All of them require some style tweaking to get what you want. Currently I use CyberTuner. The variety of customizable features I find useful but the most useful feature is SmartTune which none of the other devices really have. It allows for one pass pitch corrections (within reason).  Very useful if you do any institutional work, tuning multiple pianos in unison and just for general tuning efficiency. 

    David Love





  • 12.  RE: ETD Compare/Contrast

    Posted 14 days ago
    David Love wrote that CyberTuner enables "one pass pitch corrections (within reason)". David, could you expand on this a bit. I'm especially interested in how this CyberTuner feature compares with that on the Verituner. I've been using the Verituner for many years.

    ------------------------------
    Terry Farrell
    Farrell Piano Service, Inc.
    Brandon, Florida
    terry@farrellpiano.com
    813-684-3505
    ------------------------------



  • 13.  RE: ETD Compare/Contrast

    Registered Piano Technician
    Posted 13 days ago

    Terry

    I don't know the exact algorithm but it does work very well within limits (<20 cents and better <10 cents) and seems to auto set the overpull based on a trailing average. 

    I tried programming the verituner to do that  (I have that program as well) but couldn't get it to work as well. This feature on CT I find to be an incredible time saver. 

    I agree with some earlier comments that the display is not quite as friendly as the SAT but it also
    might be a bit more sensitive. That can be modified in settings, btw. In the high treble it can be a bit bouncy. But you get used to it. 



    ------------------------------
    David Love RPT
    www.davidlovepianos.com
    davidlovepianos@comcast.net
    415 407 8320
    ------------------------------



  • 14.  RE: ETD Compare/Contrast

    Posted 13 days ago
    Terrence, I also use Cybertuner and from the looks of it it records everynote as you tune from A0-C8. Let's say A0 is -20c. Cybertuner not only overpulls A0 by a certain percentage but it also adds that info into its calculation for A#1. Then, when you play A#1 it records it (let's say -15c) and tells you to overpull A#1 by a certain amount that includes the previous note's calculation; A0.

    It continues doing this for about one octave. After that it excludes any memorized data further than an octave behind where you are tuning; so if you are tuning B4 it has already forgotten A0-A#3 and only has B3-B4 in memory.

    Long story short: it measures each note beforehand and tells you to overpull base on the current note's and previous notes' measurements.

    ------------------------------
    Cobrun Sells
    cobrun94@yahoo.com
    ------------------------------



  • 15.  RE: ETD Compare/Contrast

    Member
    Posted 12 days ago
    Here's how TuneLab does pitch correction for me, and I'm consistently amazed at how accurate it is, even (today) a 90-150-cent pitch raise, from 1 to 88, unisons as we go, and when done I came back to F3 to start the fine tuning, and it was right on (within half a cent). In the far treble it turned out to be about 10 cents sharp after the pitch raise, but I was still pleased.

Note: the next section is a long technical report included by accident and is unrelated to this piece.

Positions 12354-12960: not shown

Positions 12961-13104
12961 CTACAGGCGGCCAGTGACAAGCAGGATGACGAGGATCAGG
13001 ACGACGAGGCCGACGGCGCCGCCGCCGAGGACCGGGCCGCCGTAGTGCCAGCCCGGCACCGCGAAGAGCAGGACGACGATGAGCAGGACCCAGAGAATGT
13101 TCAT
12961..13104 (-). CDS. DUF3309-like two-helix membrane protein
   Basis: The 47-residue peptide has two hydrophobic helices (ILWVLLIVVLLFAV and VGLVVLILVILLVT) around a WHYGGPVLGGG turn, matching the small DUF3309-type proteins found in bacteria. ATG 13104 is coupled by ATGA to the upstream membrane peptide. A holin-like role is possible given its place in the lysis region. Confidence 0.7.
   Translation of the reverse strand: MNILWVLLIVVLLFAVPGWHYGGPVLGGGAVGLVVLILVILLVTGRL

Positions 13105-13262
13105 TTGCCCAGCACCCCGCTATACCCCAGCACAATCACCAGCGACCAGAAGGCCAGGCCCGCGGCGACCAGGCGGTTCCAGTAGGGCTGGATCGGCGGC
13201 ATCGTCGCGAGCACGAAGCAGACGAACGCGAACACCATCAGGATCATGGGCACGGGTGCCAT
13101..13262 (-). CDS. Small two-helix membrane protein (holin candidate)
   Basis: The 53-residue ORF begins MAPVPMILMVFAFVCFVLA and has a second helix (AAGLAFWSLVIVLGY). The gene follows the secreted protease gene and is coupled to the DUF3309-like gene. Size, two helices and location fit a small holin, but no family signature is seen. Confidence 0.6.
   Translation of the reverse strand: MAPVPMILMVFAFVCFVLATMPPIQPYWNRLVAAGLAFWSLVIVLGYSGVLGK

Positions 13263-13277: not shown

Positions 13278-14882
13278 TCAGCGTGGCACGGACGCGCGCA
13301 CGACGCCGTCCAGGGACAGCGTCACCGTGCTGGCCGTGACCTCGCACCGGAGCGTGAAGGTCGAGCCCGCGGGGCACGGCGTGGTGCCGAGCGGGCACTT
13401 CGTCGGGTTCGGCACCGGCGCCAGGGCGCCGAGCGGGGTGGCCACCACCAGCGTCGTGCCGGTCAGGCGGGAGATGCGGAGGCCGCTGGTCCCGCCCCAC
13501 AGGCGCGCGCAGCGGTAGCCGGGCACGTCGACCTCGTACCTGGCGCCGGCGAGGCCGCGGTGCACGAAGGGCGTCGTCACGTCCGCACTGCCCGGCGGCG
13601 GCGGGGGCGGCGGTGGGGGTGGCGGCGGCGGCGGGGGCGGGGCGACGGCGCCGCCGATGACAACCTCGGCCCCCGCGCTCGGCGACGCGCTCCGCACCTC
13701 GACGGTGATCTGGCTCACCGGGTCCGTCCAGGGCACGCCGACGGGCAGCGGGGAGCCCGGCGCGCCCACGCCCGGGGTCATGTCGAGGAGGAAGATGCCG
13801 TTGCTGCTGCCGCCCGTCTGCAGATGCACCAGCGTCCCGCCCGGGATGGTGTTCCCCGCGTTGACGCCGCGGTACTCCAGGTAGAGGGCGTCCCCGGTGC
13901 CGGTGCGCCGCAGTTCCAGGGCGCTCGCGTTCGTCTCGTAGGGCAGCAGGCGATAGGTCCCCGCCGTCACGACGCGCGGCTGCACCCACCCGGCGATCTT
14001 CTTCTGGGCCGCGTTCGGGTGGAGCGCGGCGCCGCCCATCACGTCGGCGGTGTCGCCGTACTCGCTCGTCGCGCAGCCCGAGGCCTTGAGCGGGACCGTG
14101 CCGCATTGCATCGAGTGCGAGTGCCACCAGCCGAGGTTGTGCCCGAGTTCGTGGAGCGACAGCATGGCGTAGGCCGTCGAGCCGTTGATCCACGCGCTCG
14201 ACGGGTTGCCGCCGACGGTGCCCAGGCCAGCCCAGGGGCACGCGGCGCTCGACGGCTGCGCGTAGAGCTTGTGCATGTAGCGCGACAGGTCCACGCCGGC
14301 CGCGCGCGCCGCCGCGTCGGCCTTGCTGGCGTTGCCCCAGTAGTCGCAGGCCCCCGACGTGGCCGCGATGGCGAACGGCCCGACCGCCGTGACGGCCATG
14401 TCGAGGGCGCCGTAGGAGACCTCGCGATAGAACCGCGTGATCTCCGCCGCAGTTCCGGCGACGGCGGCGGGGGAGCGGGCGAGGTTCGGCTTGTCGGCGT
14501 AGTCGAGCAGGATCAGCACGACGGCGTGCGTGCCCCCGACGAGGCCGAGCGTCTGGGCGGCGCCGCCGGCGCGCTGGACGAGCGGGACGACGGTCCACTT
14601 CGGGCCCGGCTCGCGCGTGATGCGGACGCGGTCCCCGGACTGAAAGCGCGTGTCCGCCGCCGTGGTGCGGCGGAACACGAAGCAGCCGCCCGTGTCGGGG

Procedure for TuneLab overpull:
    1. Measure inharmonicity. Default is to measure six Cs, though I add six F#s as well as the notes right around the bass-tenor break.
    2. Design your three-part tuning curve: for example, 8:4 in the bass, 3:1 in the treble, and 4:2 octaves from F3 to F4. TuneLab maps the inharmonicity measurements onto those interval types and creates the tuning curve.
    3. Measure pitch. To set up overpull, first you tell the software where the bass bridge is and which is the highest wound note, and then start measuring. There are three degrees of measurement: every C-E-G, or every white note, or every note. I use the C-E-G method and it reads very quickly, tells you how flat that note was and prompts for the next note, all the way from C1 to C8.
    4. Correct the pitch. The software maps its overpull calculations onto the tuning curve, and you start tuning from A0, unisons as you go, up to C88, and the results are remarkable. Not much cleanup required on the next pass.

    ------------------------------
    Jason Kanter
    Lynnwood WA
    425-830-1561
    ------------------------------



  • 16.  RE: ETD Compare/Contrast

    Registered Piano Technician
    Posted 13 days ago
    To use CyberTuner Smart Tune, first you sample A1, A2, A3, A4, A5, and choose many possible octave sizes.
    Then you enter the locations of plate struts in the scale, and where bichords begin.
    Ideally you then tune straight up from A0, all strings.
    Cybertuner reads and calculates an overpull for each note, and keeps a running record of the previous ten notes, adjusting according to its algorithm.